Pirate software on PCs in the UK has surged to a record 27 percent last year, which translates to around £1.49 billion in lost sales, service and support opportunities, according to the sixth annual global IDC software piracy study.
Worldwide, software piracy climbed to a record high, making up 41 percent of all software installed on the planet, according to the IDC report released today by the Business Software Alliance (BSA).
The value of unlicensed and pirated software worldwide could be as high as the $50 (£33) billion, and cost another $150 (£99.3) billion to $200 (£132.4) billion in value-add technology services, the study of 110 countries revealed.
“Much more needs to be done by the industry and the government to warn businesses and consumers of the risks associated with under-licensed software, from a legal, financial and operational point of view," said Alyna Cope, spokesperson for the BSA UK country committee.
"Software piracy hurts our knowledge-based economy by weakening the very foundation on which it is built - respect for intellectual property and innovation.”
Software piracy also hurts the wider economy, according to BSA and IDC. An IDC study released in January 2008 found that reducing software piracy by 10 percentage points over four years could generate more than £6 billion in economic growth and increase tax revenues by £1.47 billion to support local programmes and services.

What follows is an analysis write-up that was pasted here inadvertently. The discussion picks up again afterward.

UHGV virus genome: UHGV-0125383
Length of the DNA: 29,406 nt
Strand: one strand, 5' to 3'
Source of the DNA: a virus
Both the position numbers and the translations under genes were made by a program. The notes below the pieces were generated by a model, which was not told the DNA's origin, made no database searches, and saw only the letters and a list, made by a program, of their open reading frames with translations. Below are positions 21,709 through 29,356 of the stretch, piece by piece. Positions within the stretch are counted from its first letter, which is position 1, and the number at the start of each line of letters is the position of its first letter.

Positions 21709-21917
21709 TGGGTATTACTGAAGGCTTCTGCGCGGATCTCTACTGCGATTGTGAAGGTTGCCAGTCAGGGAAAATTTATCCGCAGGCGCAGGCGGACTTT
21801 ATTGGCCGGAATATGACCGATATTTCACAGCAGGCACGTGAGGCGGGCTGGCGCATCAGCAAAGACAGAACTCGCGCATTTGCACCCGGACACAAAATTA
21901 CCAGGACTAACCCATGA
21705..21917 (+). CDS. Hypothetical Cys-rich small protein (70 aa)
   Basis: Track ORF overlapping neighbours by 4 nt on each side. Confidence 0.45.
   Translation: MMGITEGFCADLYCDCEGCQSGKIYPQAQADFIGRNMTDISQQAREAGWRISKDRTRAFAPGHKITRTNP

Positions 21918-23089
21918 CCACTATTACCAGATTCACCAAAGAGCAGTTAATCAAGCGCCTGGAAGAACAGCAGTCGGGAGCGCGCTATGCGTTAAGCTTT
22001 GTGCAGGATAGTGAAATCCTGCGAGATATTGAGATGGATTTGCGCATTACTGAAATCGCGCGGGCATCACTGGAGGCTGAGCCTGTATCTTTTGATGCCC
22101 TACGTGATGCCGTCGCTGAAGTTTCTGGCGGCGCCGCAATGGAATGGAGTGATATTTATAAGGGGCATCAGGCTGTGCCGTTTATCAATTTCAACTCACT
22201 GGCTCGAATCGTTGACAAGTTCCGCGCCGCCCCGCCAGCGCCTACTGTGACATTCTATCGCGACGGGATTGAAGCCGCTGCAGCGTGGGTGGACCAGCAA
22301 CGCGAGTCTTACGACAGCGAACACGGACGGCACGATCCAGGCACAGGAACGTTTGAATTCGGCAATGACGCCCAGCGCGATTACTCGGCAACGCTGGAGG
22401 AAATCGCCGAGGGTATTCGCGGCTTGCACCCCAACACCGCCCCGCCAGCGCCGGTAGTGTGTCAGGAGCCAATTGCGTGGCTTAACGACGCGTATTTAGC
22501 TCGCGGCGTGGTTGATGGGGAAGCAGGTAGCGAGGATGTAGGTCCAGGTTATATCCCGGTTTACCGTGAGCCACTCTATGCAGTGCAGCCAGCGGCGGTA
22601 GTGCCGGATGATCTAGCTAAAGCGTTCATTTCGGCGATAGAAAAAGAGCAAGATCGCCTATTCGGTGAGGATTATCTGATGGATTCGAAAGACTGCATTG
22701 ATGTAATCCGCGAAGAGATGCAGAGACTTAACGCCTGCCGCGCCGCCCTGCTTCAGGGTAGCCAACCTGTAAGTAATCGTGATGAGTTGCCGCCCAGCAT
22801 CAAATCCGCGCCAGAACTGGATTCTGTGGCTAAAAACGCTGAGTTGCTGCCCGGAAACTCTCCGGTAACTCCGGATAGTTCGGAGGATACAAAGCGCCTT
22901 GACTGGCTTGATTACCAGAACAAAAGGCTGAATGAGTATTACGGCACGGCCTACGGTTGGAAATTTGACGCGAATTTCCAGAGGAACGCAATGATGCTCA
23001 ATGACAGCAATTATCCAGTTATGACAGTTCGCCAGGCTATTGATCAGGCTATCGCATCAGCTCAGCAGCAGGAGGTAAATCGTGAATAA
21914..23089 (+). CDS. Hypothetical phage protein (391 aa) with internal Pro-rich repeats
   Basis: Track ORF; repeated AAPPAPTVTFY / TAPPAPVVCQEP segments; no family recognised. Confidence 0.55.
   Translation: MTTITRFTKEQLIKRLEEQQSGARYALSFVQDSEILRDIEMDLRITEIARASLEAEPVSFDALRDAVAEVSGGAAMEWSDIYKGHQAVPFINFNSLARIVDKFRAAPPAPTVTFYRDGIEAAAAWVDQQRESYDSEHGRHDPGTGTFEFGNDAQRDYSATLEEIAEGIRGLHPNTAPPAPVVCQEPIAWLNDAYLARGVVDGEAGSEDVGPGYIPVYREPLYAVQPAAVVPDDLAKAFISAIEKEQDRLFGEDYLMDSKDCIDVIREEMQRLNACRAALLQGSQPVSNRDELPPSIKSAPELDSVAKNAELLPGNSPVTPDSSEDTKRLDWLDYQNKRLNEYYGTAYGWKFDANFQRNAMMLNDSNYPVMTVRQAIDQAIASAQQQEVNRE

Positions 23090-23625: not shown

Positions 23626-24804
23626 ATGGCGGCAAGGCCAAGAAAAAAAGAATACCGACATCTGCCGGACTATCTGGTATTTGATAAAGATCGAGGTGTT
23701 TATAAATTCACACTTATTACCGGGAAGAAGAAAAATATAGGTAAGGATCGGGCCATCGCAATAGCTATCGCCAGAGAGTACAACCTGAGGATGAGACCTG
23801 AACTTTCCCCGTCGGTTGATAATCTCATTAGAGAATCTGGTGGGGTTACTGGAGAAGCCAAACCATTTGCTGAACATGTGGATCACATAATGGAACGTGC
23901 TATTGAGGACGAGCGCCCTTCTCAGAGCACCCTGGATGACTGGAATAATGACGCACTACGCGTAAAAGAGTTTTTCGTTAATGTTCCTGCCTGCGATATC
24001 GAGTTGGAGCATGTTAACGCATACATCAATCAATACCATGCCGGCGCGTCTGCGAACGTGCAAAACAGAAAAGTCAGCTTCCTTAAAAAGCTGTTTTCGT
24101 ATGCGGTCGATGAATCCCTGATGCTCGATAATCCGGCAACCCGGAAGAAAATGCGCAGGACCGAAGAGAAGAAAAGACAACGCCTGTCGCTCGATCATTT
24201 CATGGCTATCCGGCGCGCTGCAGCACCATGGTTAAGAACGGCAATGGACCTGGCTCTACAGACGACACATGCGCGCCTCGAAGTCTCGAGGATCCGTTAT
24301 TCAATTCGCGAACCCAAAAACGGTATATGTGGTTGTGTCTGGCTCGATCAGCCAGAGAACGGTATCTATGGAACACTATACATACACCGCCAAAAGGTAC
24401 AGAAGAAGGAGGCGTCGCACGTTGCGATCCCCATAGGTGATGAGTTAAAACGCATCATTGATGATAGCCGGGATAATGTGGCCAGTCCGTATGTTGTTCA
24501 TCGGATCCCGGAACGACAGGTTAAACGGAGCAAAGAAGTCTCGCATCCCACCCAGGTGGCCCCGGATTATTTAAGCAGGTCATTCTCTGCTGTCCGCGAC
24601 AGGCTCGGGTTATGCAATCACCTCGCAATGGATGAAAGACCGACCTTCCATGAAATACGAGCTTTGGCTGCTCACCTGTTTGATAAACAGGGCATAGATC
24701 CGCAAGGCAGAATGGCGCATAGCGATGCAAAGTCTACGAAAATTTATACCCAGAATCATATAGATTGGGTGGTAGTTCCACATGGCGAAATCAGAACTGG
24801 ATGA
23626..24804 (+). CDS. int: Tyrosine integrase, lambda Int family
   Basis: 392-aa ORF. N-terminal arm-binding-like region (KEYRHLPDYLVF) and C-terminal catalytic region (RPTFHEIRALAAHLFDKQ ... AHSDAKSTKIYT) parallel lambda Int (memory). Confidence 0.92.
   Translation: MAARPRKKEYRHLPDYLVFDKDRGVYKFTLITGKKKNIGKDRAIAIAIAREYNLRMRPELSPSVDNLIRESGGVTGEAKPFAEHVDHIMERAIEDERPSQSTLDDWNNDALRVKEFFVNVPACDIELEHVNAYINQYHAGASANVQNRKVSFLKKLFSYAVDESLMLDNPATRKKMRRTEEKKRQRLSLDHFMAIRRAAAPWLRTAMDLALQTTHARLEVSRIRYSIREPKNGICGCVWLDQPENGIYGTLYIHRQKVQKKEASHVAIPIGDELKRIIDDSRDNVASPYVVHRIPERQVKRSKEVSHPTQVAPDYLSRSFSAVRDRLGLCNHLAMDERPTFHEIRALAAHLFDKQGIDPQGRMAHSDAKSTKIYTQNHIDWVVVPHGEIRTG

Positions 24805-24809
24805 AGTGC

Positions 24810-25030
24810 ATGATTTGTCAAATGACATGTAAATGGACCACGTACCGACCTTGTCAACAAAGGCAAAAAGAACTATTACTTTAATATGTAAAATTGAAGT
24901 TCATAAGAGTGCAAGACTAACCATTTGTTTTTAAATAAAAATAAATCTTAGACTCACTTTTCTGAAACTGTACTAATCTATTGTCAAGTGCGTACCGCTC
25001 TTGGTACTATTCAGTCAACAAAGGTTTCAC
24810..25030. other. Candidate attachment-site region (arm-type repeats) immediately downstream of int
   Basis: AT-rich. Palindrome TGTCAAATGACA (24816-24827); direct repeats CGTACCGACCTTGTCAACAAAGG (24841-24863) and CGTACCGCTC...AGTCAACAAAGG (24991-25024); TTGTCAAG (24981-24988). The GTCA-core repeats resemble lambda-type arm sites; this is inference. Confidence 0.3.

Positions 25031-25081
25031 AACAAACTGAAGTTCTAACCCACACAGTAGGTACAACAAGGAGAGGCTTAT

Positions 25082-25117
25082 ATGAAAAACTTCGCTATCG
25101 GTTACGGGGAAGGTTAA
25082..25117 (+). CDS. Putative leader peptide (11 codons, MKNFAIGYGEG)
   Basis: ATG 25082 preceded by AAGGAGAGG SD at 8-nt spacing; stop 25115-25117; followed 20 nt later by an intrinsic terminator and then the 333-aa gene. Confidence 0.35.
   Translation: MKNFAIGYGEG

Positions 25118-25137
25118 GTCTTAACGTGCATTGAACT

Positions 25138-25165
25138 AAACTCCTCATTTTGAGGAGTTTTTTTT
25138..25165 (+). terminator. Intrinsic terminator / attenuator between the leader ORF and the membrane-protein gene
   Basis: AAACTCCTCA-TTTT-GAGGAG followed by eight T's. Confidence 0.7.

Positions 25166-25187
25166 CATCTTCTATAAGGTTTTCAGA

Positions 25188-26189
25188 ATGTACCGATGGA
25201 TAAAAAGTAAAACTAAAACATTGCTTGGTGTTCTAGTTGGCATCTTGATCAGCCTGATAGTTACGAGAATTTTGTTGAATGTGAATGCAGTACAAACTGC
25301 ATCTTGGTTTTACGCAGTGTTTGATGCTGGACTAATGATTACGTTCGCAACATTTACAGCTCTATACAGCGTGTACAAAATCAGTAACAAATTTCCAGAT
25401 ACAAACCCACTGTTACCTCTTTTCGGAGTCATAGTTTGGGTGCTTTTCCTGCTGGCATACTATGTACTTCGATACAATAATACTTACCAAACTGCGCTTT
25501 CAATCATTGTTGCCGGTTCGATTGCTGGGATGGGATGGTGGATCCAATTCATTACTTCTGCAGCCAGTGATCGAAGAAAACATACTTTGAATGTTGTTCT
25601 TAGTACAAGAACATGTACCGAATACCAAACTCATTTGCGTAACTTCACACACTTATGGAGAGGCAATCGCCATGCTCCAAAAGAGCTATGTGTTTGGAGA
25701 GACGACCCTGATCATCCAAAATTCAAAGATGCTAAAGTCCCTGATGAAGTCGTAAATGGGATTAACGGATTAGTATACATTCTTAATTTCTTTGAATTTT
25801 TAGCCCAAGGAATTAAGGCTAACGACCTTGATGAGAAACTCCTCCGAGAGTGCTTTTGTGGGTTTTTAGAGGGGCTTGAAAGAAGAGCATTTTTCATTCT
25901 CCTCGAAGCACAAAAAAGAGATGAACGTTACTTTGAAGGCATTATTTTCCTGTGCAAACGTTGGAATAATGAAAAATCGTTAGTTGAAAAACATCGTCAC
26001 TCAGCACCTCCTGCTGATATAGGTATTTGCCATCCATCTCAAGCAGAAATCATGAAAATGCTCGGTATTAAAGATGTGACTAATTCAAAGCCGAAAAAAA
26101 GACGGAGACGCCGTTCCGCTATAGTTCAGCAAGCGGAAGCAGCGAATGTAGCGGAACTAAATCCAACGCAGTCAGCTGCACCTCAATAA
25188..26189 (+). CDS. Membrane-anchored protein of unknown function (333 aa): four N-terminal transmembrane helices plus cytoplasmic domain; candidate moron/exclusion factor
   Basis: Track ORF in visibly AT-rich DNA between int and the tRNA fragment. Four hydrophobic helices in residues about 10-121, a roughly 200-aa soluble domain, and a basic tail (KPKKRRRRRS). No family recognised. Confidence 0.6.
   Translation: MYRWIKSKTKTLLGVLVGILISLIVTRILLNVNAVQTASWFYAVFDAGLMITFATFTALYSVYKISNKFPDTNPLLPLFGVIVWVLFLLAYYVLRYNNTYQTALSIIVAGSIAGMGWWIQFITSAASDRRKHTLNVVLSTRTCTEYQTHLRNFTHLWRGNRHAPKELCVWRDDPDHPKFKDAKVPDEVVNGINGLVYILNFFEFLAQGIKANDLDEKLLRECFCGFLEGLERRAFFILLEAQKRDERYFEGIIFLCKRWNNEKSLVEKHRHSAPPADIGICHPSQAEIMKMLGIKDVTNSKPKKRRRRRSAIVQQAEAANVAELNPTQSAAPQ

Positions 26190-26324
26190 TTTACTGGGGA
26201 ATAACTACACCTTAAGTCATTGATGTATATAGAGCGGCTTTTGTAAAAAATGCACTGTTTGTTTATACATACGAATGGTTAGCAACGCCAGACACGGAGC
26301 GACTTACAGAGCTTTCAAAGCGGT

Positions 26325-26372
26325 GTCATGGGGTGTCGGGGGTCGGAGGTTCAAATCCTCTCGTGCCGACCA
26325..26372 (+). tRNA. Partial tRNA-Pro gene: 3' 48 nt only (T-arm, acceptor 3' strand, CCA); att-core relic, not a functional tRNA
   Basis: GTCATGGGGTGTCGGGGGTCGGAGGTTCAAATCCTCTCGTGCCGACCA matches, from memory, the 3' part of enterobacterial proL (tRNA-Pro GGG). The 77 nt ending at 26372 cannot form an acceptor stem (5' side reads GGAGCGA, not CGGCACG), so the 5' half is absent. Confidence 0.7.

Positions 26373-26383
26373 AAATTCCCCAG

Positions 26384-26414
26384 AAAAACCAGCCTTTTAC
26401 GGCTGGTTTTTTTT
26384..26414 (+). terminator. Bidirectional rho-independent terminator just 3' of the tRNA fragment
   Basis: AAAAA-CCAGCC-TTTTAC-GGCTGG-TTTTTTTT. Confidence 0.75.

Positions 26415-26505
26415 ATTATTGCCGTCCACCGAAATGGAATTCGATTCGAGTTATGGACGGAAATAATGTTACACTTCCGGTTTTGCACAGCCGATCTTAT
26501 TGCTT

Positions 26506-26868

British Chambers of Commerce senior policy adviser, Kevin Hoctor, said piracy threatens the digital community jobs and revenue.
“To realise the Government’s Digital Britain ambition, our digital and communications industries must have the protection they need in terms of copyright and piracy,” said Hoctor. “In the current economic climate the impact effective enforcement could have on employment and revenue should not be ignored”.
The BSA took the opportunity to issue recommendations for the UK government, such as developing strong enforcement mechanisms and tougher anti-piracy laws.
Other recommendations included dedicating significant resources to the problem, including national IP enforcement units, cross-border cooperation, and training for local officers and judiciary officials.
Finally, the government could lead by example by implementing software management policies and requiring the public sector to use only legitimate software.
But CIOs are finding it hard to cope with the "sheer complexity" of licensing schemes, according to Matt Fisher, director at Frontrange Solutions.
"Licensing schemes have become increasingly unwieldy and difficult to manage, meaning that, despite their best efforts, organisations are struggling to get a grip on their licensing software," said Fisher.
"Coupled with the fact that there is no commonality across differing vendors’ schemes has made life considerably more difficult and likely brought unintentional misuse of software," he added.
Fisher advised CIOs to implement a standard licensing practice to eliminate complexity. "The good news for organisations is that there is already a mature and professional software asset management community in place to help them address and manage licensing. Working with this community would be a step towards halting the growing software piracy problem," he said.